To starters, we eliminated all the neighborhoods that tracked along the same lines as the city. This was the majority of the neighborhoods, including both Chestnut Hill and Fairhill.  Though one remains wealthy and the other poor, their condition did not change much over the decade. (Go here for an explanation of how we arrived at the list.)

This left two sets of neighborhoods as outliers: those who did much better than the citywide average when it came to homeownership, growth in income, home value and population. There were 10 of these neighborhoods, home to 217,000 people.

The second set were those that fared worst when compared to the city average. There were 10 of these neighborhoods as well, with a total population of 262,000..

This divided the city into three types of neighborhoods: those that grew and prospered the most during the decade, those that remained basically unchanged, and those that faced a lot of stress in the last 10 years.

The two outliers tended to be clustered geographically. The neighborhoods that prospered the most radiated out in a circle from Center City. More about them tomorrow.

On a map, those under stress formed a rough Y that began at Broad Street and Allegheny Avenue in upper North Philadelphia and spread northwest and northeast. (You can view the profiles of these neighborhoods, with data that compares them to the citywide averages.)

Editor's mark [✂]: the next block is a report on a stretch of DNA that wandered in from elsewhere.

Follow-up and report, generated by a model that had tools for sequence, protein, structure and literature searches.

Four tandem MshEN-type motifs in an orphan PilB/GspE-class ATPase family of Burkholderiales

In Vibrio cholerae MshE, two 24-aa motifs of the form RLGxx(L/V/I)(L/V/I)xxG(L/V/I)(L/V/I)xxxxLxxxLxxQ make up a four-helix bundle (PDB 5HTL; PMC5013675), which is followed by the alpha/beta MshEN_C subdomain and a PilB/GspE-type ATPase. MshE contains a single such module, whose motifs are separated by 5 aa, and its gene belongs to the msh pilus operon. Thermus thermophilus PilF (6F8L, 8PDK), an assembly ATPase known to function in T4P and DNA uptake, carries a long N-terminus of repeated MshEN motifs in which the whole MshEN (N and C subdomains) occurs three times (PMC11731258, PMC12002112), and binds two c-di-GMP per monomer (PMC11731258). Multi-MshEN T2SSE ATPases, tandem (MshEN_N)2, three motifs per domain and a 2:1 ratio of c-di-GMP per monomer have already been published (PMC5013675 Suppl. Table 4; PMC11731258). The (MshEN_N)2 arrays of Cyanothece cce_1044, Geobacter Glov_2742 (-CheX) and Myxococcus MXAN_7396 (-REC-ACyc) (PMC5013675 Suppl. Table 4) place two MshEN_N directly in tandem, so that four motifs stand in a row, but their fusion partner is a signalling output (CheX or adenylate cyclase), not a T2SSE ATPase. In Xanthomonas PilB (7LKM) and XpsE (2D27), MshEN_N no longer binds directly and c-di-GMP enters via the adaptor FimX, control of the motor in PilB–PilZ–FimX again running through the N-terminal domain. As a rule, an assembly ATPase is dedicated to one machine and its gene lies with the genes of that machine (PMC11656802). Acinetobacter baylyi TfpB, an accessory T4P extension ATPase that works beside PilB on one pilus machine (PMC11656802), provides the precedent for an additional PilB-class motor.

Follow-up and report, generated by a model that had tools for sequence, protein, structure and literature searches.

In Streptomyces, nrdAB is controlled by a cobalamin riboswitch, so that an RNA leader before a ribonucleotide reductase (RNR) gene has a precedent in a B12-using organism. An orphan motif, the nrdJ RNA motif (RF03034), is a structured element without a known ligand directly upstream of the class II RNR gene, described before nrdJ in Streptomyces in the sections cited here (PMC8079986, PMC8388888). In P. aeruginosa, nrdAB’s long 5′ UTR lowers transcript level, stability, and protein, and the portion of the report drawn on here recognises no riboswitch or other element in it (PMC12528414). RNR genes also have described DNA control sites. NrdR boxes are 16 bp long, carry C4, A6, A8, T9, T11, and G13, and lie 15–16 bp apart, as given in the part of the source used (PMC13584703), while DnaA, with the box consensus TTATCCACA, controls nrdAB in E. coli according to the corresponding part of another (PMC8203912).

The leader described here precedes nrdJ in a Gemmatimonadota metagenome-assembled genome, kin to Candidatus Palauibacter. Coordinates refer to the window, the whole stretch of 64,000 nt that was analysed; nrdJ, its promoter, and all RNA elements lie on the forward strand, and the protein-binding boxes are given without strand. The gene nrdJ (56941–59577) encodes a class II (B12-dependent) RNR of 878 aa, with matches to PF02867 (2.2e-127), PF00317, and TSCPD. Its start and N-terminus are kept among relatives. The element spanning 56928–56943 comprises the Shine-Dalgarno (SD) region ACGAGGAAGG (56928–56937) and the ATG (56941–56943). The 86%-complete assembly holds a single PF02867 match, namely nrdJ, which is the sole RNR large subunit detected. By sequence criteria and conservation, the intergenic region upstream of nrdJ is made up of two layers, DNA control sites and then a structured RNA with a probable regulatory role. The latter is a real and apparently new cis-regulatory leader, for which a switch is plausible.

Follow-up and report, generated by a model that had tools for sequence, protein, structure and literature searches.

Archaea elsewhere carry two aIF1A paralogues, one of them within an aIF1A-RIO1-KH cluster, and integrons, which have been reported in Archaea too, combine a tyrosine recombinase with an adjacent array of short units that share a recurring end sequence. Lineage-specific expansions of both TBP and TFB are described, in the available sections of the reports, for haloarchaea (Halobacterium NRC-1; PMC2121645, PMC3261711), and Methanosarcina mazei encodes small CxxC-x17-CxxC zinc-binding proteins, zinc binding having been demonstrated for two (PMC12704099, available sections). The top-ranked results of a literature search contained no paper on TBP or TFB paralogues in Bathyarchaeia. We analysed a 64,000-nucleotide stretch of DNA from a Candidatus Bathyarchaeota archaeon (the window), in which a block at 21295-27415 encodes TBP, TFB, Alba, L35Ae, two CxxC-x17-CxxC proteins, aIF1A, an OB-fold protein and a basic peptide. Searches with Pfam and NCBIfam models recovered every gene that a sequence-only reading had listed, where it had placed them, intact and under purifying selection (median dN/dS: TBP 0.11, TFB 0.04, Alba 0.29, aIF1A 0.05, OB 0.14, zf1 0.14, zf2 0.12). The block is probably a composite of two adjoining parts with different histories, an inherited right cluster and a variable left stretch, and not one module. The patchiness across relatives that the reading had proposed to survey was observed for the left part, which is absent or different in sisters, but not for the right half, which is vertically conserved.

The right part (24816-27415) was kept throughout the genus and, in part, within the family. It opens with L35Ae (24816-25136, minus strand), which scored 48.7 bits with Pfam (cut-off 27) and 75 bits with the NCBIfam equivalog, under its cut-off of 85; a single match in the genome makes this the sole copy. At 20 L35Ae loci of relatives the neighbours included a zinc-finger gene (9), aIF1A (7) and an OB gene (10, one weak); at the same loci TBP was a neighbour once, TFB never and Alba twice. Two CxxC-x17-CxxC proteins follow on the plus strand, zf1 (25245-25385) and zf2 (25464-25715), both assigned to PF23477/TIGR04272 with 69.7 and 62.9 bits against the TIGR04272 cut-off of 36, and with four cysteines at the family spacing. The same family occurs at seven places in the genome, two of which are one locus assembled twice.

Stress Nabes.jpgThere were anomalies, as there always are in Philadelphia, where a few blocks can measure the difference between wealth and poverty, prosperity and decline.

Grays Ferry, the small neighborhood that lies to just south of Center City, came under the greatest stress during the decade, due mostly to a steep decline in household income, an increase in its already high poverty rate, and drops in homeownership and population.  It started the decade poor and got poorer.

A few blocks to the north sits Schuylkill/Southwest Center City -- South of South or SoSo, as it is called. It prospered the most of any neighborhood during the decade, with home values rising 386 percent (compared to the citywide +116%), median household income rising 56 percent (compared to a citywide decline of -7%).  It went from working class to middle class in 10 years.

These trends did not begin on January 1, 2000. Some have been in the making for decades. In the 80's people were talking about imminent revival in SoSo, but it never seemed to happen. Grays Ferry has been losing population since the 1970's.

In the Lower Northeast, demographers predicted changes in the mix and wealth of the population 20 years ago. Neighborhoods such as Oxford Circle, for instance, had a large cohort of residents who settled after World War II, raised their kids and were growing older. (There is even an acronym for such areas -- NORCs, Naturally Occurring Retirement Communities.)